This activation can also lead to the Functional Somatic Syndromes FSS

Patients with UARS have usually consulted numerous doctors who are not able to diagnose the condition as they are unaware of this newly documented condition . These doctors have not manage to improve their patients symptoms of anxiety , depression, insomnia, ADHD and these FSS disorders .

Antidepressants are usually prescribed to alleviate symptoms but the underlying cause goes undiagnosed until a sleep study is ordered by a doctor who is aware of this new sleep disordered breathing called UARS . The sleep study is usually a last resort .
Once diagnosed, UARS is better treated with a mandibular advancement device which opens the airway and up improves these FSS symptoms .

The sleep study must measure RERAS ( respiratory effort related arousals ) manually . Automated computer analysis of polysonograms PMG do not measure RERAs and are unable to diagnose the sleep disordered breathing of UARS .
PSG have to be manually analyzed to diagnose this condition

What are the Main FSS symptoms ?
Body pain , headaches , insomnias and irritable bowels

What are the main anxiety disorders that UARS is associated with ?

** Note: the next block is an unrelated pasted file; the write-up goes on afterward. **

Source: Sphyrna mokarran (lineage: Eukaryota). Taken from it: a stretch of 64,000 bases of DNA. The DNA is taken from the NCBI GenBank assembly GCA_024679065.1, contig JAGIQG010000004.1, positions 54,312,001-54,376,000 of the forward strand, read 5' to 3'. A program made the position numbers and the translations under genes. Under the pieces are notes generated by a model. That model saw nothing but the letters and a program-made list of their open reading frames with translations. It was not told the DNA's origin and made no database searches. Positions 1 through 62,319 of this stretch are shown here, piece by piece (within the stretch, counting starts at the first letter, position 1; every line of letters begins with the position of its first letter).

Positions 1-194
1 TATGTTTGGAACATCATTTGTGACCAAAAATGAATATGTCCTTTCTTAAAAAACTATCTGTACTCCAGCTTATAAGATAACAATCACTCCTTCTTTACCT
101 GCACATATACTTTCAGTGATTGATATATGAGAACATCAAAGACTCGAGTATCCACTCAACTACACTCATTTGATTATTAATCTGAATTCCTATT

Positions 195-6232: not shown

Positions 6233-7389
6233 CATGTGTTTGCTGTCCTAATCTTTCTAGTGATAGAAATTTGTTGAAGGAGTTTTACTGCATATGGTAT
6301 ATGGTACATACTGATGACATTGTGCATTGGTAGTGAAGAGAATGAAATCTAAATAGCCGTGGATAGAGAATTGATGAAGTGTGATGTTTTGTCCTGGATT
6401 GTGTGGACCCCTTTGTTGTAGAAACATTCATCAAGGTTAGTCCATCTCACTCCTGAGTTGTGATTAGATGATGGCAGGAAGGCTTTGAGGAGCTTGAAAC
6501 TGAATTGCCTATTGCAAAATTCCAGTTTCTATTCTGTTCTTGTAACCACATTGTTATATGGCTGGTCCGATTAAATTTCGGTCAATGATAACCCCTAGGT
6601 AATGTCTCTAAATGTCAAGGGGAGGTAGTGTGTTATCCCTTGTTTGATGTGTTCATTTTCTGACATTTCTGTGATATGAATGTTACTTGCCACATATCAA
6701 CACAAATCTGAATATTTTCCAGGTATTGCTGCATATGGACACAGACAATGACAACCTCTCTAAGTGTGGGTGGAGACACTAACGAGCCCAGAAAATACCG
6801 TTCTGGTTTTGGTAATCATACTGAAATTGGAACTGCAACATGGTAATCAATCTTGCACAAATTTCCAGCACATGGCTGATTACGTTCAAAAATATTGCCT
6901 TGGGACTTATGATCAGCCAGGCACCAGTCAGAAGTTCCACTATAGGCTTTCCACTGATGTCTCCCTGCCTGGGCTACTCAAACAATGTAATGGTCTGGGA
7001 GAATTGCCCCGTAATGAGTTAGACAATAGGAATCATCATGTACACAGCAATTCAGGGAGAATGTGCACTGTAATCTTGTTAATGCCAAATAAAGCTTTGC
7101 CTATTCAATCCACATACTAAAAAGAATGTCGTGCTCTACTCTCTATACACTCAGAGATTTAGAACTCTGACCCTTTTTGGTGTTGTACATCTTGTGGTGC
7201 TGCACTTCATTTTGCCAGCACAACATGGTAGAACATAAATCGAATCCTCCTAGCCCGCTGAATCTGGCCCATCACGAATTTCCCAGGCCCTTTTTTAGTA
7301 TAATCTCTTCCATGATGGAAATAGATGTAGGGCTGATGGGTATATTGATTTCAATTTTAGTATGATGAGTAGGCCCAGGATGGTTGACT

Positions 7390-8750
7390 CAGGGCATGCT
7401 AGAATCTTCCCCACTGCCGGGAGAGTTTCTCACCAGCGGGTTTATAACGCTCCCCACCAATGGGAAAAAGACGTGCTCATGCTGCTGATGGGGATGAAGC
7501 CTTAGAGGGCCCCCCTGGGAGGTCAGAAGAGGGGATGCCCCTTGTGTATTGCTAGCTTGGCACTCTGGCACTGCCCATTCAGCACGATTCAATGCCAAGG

Anxiety, depression, Bipolar , ADHD and Insomnia

Other FSS syndromes that doctors must be aware of that are associated with UARS are:
Insomnia
Chronic fatigue syndrome
IBS
Restless leg syndrome
Gastrointestinal Hyper mobility / Hypomobility
Joint hyper mobility syndrome
Mitral valve prolapse syndrome
Fibromyalgia
TMJ syndrome
Sick house syndrome / multiple chemical sensitivity syndrome
Gulf war illness
Tension headaches / migraines
Problems of concentration and memory
Hyper somnolence / sleepiness
Daytime fatigue

Improvement of sleep disordered breathing with a mandibular advancement device improves symptoms . However one must Identify and manage the the initial trauma that activated the limbic system and HPA axis . There will be little success if the patient continues to suffer emotional/ physical stress
I use my PAP machine nightly and I feel great!
Updated: Philips Respironics System One (60 Series)
RemStar BiPAP Auto with Bi-FlexModel 760P -
Rise Time x3 Fixed Bi-Level EPAP 9.0 IPAP 11.5 (cmH2O)
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#2
Nice article...

Barry Krakow also describes this in his book...
very hard to convince sleep docs/sleep clinics to test for it..

thanks for posting Mark...

Storywizard
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#3